Supernatural: “The Heroes’ Journey” Review

What if your favorite heroes had to deal with real-world problems? Tonight’s Supernatural is answering that question in a very amusing episode.

Tonight’s episode “The Heroes’ Journey” is actually pretty cool, though I will state here and now that I absolutely hated the score. Sorry guys, just not my thing. Otherwise, this was one of the most unique episodes they’ve had in a long while, and considering the heavy subject – the current, world-ending fight with God – it’s nice to have a lighthearted aside.

We start off by observing that Sam and Dean are having an unusually bad day. There’s a werewolf in a fight-club setting also having a bad day, but we’ll get back to that. Dean’s all-purpose credit card isn’t working, his teeth hurt, and his Baby is having mechanical issues. Sam’s dinner for two is not going well, plus, he’s getting sick – and not your standard Sam sick, where we call in the witch doctor or force Death to reverse course, no, he’s got a good old fashioned cold. Is it another “Bad Day at Black Rock” situation? Another cursed rabbit’s foot? Dean seems to think so, but Sam’s got the more reasonable explanation: Chuck.

Yes, God is no longer on their side. It’s definitely concerning, but when they get a call to help out an old friend – Hi, Garth (DJ Qualls)! – they don’t hesitate to answer. We haven’t seen Garth in a bit, he got turned into a werewolf but took it like a champ and wound up in a happy committed furry relationship (not the fetish, his wife is a pure-blood werewolf). I haven’t always liked Garth – in the beginning he reminded me of the little dog in those Looney Tune cartoons that worships the big dog and is constantly running around him in aww (despite the fact that we learn the big dog isn’t as worthy of reverence as the little dog thinks). And, in his final appearance Garth really does embody that little dog. Not a pun on him being a werewolf, I promise.

You see, it’s Garth who points out that heroes, as a rule, never have to sweat the small stuff. Little things like taking care of your teeth, paying your credit card bills, vehicular maintenance, and of course, getting a flu shot. Once he helps Dean out with some free dental care – which leads to one of the weirdest one-off sequences I think I’ve ever seen on the show (also reminded me a lot of The Shape of Water) – and his wife helps Sam out with a cure for the cold, he explains the situation his wife’s friend (or relative, I’ll be honest I don’t remember) is in. As mentioned earlier, despite the cold-shoulder from God, the boys still want to help, though they do tell Garth to stay at home. He doesn’t, of course, and that’s good because being “normal” as they are labeled, does not go well for the boys.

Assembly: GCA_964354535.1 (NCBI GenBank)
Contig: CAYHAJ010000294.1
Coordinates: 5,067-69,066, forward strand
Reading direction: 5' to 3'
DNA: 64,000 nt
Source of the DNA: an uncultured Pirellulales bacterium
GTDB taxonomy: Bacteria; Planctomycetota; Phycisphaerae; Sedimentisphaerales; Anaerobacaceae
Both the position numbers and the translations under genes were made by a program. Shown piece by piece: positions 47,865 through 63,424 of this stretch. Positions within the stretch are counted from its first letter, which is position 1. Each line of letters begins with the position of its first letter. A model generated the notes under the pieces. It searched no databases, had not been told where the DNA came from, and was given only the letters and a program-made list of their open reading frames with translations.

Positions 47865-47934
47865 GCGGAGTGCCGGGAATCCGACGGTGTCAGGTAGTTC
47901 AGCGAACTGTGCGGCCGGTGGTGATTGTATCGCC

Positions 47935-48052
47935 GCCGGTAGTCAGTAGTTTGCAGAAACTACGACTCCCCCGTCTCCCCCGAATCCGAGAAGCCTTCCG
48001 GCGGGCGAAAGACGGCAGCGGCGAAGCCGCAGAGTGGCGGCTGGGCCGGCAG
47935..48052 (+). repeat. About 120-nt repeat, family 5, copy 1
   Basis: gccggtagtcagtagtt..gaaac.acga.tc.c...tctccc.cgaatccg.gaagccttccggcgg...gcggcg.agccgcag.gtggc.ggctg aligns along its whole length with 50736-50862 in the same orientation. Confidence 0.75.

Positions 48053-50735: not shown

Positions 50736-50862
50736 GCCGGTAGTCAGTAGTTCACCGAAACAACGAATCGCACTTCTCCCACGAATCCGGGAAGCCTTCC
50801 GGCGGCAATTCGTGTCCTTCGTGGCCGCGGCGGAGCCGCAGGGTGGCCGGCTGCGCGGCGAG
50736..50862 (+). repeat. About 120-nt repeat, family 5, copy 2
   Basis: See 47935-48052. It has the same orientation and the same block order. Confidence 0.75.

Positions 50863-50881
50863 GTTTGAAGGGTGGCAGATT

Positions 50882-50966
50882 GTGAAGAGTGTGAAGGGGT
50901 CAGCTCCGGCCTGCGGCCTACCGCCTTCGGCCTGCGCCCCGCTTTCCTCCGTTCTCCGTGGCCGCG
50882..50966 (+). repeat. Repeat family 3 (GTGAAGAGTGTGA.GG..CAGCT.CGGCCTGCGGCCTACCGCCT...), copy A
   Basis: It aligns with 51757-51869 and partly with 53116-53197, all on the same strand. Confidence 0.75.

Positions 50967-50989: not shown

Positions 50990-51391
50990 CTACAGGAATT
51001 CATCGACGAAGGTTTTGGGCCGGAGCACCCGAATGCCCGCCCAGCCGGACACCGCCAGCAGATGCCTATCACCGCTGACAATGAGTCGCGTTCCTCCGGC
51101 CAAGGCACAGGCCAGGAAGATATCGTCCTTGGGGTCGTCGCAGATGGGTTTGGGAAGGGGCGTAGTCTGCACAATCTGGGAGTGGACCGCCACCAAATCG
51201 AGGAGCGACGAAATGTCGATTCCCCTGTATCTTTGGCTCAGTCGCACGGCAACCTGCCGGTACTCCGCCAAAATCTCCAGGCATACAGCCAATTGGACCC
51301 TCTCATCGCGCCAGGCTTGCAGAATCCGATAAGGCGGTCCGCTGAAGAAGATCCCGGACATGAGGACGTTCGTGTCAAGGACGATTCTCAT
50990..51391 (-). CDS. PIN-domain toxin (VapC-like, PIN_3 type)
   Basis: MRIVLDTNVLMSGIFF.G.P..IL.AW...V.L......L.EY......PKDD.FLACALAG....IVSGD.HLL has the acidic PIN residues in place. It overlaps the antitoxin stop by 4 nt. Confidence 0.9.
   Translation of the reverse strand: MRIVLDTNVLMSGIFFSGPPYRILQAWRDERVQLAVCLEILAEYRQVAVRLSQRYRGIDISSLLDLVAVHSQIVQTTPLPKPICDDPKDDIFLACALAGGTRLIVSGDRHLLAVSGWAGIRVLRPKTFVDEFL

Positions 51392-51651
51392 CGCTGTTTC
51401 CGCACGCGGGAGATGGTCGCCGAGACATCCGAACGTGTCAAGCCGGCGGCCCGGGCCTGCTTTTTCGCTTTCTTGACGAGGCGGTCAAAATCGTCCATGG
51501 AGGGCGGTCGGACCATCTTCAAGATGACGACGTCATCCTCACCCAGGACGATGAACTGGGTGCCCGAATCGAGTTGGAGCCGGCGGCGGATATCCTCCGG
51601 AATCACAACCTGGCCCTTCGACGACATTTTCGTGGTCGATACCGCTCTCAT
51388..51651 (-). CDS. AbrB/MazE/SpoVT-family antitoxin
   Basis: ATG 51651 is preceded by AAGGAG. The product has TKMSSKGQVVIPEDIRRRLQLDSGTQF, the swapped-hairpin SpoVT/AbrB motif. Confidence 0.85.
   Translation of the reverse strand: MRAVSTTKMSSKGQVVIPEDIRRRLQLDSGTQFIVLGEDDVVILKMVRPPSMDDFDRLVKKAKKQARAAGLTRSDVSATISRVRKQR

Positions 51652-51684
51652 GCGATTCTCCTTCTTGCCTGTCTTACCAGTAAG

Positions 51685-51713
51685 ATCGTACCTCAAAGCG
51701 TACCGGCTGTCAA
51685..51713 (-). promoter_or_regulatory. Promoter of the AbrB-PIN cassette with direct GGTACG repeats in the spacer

I’m not going to go into details on what happens to them because it’s really something you should check out for yourself. It’s a hilarious collection of human moments that we’ve all thought about or seen a show like “Cinema Sins” point out, but that Supernatural and other hero-centric shows rarely address outright. Having the Winchesters fight with God provides a perfect opportunity for this. I’ve probably mentioned this before, but instead of simply having a single episode, or a few strewn throughout the series, that deal with fourth-wall breaking, Supernatural is dedicating a whole season to the idea!

How fucking cool is that? I know this season I’ve been a little harsh on a few of the episodes, and while I’m not entirely thrilled with some of the things in this episode (Hi, score! Hi, weird black-and-white dance sequence), other aspects of it are simply brilliant. Oddly enough, it once again seems to follow in the footsteps of The Magicians (that show had an episode dedicated to supporting characters and how important they are, while at the same time questioning the idea of the straight-white-male lead), with Garth acknowledging that if Sam and Dean are the heroes of God’s tale that must make him a supporting character, or a special-guest-star (which he is!). But, Garth praises his place in the story world, claiming he would never want to be a hero, because realistically the hero’s life sucks. Which, as we’ve seen, is true. Garth has a wife and children, he’s built a successful business, and is connected to his community. Sure, he may revel in the momentary spotlight that comes with saving the Winchesters’ collective bacon by episode’s end, but he also gets to go home to his family.

Loved the “Werewolves of London” song playing to Garth’s Captain America moment when he dances with his wife.

Overall, I was pleasantly surprised by this episode. Though, if I were to binge watch this season, no doubt frustration would crop up from the tease about Jack last episode gave us. Fingers crossed next episode gives us some much needed follow-up!

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